Monday, 13 July 2015
Public Engagement and Personal Enthusiasm, St Mildred and Me
13 July is the feast of St Mildred, eighth-century abbess of the Kentish monastery of Minster-in-Thanet. Mildred is a fairly minor Anglo-Saxon saint, but she's of particular interest to me for various reasons. I wrote about her story here and about the legends surrounding the foundation of her abbey here; if you want to read about Mildred I recommend you follow those links, because today's will be a more personal post - just a ramble, really, about some things I've recently been thinking about.
My interest in Mildred is part scholarly and part personal, and it's not entirely possible to separate the two. First the scholarly. In the eleventh century Mildred's relics and the lands of her former abbey in Thanet came into the possession of St Augustine's, Canterbury (by grant of Cnut, according to St Augustine's tradition); this meant that at the end of the eleventh century the prolific hagiographer Goscelin, among various commissions he undertook for St Augustine's, wrote several works dealing with Mildred. Mildred's relics and cult thus played a role in Cnut's relationship with the English church and in post-Conquest interpretations of the Anglo-Saxon past, two of the subjects I'm most interested in at the moment.
As for the personal: I was born in Thanet, one of the few places where Mildred is still commemorated today. In Mildred's time Thanet was an island close to the north-east tip of Kent; the channel which separated it from the mainland has since silted up, but it's still known as the Isle of Thanet. It's chiefly famous for having once been full of seaside resorts, then becoming very run-down, and now enjoying a bit of a cultural renaissance. When I was growing up there it was still in the 'very run-down' stage of that process, and despite the renaissance it's still often treated as a joke, whose working-class inhabitants can be freely mocked in national newspapers. I'm proud of being from Thanet, but I'm conscious that I don't speak with a Thanet accent, and that if I did, I wouldn't have got very far at Oxford. But long before that story of boom-and-bust-and-boom, Thanet had a rich medieval history, especially in the early Anglo-Saxon period. Bede tells us that St Augustine landed on the coast of Thanet when he came to convert the kingdom of Kent, and the foundation of a royal monastery at Minster followed in the seventh century. St Mildred, although herself a rather shadowy figure, is a part of all this. My first school was dedicated to St Mildred - not that I particularly noticed it at the time! - and later, as a graduate student, I spent two years at Lincoln College in Oxford, which was built (as I learned at the end of my time there) on the site of a medieval church dedicated to St Mildred. I graduated with my doctorate on St Mildred's Day, 2013 (entirely by coincidence - it was the only date available). So her home and her name and her day have a range of personal associations for me which have very little to do with Mildred herself.
I can't say how far the personal inspired the scholarly interest, or the other way around - perhaps I was drawn to Mildred because I'm from Thanet, or perhaps studying Mildred has made me more interested in Thanet's Saxon history, which I didn't really know about or think about when I actually lived there. It's probably a bit of both. Who can explain why they're drawn to the subject they study? I suspect more academics than would freely admit it have private, personal reasons for their scholarly interests which wouldn't stand up to professional scrutiny, alongside the more publicly acceptable ones. We are human beings, after all, and are attracted to certain things by influences we ourselves don't necessarily understand. Struggling as I am with work and vocation right now, I sometimes think it would be nice if more people (not just academics) felt free to talk about what draws them to the work they do.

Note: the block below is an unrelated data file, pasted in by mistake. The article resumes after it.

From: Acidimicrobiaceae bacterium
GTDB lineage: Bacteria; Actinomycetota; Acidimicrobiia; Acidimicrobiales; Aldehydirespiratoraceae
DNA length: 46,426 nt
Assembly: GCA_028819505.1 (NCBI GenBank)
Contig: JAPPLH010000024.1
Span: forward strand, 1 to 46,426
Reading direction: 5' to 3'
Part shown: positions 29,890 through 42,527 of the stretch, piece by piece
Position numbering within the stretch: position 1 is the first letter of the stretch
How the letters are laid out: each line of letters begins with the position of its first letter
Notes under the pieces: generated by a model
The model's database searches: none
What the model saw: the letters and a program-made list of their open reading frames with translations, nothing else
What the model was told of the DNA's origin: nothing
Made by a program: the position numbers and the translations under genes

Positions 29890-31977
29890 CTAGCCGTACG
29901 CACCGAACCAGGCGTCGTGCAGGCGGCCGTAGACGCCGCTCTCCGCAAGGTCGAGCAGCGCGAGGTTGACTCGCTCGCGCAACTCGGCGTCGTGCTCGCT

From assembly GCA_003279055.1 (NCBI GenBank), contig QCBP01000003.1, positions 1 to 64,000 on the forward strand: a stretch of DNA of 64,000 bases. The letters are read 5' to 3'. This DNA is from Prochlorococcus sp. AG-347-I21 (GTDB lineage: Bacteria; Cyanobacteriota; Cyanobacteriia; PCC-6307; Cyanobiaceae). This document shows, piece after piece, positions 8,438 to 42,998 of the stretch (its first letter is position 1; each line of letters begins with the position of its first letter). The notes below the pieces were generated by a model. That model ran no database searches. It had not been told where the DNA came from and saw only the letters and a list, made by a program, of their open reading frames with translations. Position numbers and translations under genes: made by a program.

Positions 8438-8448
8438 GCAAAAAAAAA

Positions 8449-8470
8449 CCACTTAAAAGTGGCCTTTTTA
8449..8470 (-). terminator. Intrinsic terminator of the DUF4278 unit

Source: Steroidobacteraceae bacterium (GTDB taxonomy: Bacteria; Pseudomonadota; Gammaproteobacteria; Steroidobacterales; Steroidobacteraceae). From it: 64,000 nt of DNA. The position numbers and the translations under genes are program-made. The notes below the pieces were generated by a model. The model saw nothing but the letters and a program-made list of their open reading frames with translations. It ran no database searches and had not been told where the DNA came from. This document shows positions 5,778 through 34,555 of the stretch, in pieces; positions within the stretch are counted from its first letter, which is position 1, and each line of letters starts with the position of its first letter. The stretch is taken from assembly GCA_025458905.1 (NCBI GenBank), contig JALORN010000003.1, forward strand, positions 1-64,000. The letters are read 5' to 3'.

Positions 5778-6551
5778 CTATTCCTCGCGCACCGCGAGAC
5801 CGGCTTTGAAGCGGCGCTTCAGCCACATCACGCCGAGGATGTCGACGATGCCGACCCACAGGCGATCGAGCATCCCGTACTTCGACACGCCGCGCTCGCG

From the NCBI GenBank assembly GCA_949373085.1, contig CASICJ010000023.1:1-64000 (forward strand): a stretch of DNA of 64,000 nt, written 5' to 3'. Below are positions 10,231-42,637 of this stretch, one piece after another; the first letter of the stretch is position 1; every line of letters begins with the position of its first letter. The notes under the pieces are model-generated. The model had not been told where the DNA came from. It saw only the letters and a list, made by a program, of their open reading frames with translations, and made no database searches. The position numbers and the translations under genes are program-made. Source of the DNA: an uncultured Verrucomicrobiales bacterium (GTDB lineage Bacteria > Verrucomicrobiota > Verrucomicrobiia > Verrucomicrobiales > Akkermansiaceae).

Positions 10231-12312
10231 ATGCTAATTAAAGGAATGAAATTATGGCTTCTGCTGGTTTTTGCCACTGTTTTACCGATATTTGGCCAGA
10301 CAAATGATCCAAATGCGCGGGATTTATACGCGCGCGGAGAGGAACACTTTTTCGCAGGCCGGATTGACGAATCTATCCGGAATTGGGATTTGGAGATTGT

Over the past few months, as people keep asking me to explain why I write an academic blog, I've come to realise that one reason is to convince myself that it's OK to have a personal, emotional attachment to the things I study. It's even OK to talk in the language of enthusiasm, passion and (dare I say it?) love. Like everybody who isn't senior enough to get away with looking unprofessional, I strictly keep emotional attachment out of my academic work, but I don't feel I have to do that on this blog - and I think the blog is the better for it, and I'm the healthier.
I'm encouraged in this belief by the knowledge that the medieval historians I study generally saw no problem whatsoever in being emotionally attached to their subjects. I like them all the more for it, and when I talk about them to the public, it's that which catches people's attention. As someone whose interests are primarily literary (I'm interested in the stories people tell about history, not in whether those stories are true or not), I find it endearing when medieval historians are biased and parochial and a little bit obsessive - all the things 'monkish writers' used to be criticised for by modern historians of the traditional stamp. Nothing makes me like William of Malmesbury more than his special fondness for Malmesbury's history, the fact that he can't resist being a bit extra interested in Aldhelm and Athelstan and anything connected to his own monastery. I love the thought of Eadmer at the Council of Bari, surrounded by the great and the good of the eleventh-century church but still getting most excited about a minor tidbit of local Canterbury history and the memory of some old monks he knew as a child. And there's something touching about the way Goscelin talks about St Edith of Wilton as if she were a personal friend, and associates her with a lost happy period in his life. These are emotional responses to the past which have little to do with the facts of history, and much to do with each writer's personal associations with a saint and the relationships, identities, or communities they represent for the writer. They're entirely 'unprofessional' reactions, from the best English historians of their day, of a kind which few historians now would admit to in public even if they felt them.